Amid growing concern over online advertising fraud, the Media Rating Council has issued new guidelines for digital media vendors and companies to follow in order to detect and filter out “invalid traffic” generated by non-human sources like bots.
The industry organization, official arbiter of media ratings in the U.S., said it expects all MRC-accredited organizations to comply with the new guidelines. All future applicants for accreditation will be evaluated for compliance with them.
The MRC highlighted a number of key points in the guidelines, including the requirement for enhanced internal controls covering employee behavior policies, partner qualification processes, analysis of acquired or paid traffic, periodic risk assessments, and the correct procedure for challenging a decision to remove invalid traffic.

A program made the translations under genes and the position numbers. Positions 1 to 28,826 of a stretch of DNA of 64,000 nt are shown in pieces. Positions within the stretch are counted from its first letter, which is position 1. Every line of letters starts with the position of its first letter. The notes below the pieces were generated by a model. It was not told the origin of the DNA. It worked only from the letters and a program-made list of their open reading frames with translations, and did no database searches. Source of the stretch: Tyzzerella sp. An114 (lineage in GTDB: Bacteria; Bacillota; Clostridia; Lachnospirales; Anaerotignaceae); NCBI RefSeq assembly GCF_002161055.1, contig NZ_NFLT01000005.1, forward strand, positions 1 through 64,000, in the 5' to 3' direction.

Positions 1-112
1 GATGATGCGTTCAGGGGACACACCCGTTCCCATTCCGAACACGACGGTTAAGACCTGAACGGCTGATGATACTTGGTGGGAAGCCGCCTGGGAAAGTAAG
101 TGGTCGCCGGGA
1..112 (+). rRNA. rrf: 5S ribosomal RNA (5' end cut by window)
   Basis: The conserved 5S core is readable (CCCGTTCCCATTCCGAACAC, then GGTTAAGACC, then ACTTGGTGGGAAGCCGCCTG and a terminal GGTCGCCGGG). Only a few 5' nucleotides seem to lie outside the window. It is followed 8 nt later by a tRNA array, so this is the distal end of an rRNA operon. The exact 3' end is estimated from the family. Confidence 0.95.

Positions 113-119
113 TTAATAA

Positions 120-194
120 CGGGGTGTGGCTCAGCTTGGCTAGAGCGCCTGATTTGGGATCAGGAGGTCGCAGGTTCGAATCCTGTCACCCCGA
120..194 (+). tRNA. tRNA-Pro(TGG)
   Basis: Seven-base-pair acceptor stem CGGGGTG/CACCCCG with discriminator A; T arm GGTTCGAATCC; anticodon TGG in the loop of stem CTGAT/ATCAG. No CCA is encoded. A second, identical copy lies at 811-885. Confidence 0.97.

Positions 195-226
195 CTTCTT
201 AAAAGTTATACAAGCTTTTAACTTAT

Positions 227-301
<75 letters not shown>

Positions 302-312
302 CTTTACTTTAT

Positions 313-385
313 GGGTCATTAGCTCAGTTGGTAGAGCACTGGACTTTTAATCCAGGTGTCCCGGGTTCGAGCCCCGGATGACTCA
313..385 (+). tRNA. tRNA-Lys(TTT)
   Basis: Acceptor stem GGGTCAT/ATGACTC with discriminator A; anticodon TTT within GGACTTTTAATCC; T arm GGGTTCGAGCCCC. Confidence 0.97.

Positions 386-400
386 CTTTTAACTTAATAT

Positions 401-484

The guidelines also cover organizational directives for digital measurement outfits, including internal and external communication responsibilities, and the requirement to establish a Traffic Quality Office with a data quality officer within each organization.
The rules, set out in a document titled “Invalid Traffic (IVT) Detection and Filtration Guidelines, Version 1.0,” finalize recommendations proposed this summer by contributors including the Invalid Traffic working group, which brought together major players like the Interactive Advertising Bureau, Mobile Marketing Association, and Trustworthy Accountability Group.
They apply to all measurement products that involve tagging, beacons, cookies, redirects and other types of message tracking and various types of census tracking.
The rules take effect immediately, but accredited organizations have a grace period of 180 days to comply with them. The IAB also noted that the rules will be submitted to buyer-side organizations including the 4As and ANA for review and approval.
As noted, ad fraud has been a growing area of concerns for advertisers and publishers in recent months. Earlier this week a study from Distil Networks estimated that around a third of all publisher ad revenues are hijacked by fraud, for example by non-human actors like bot nets.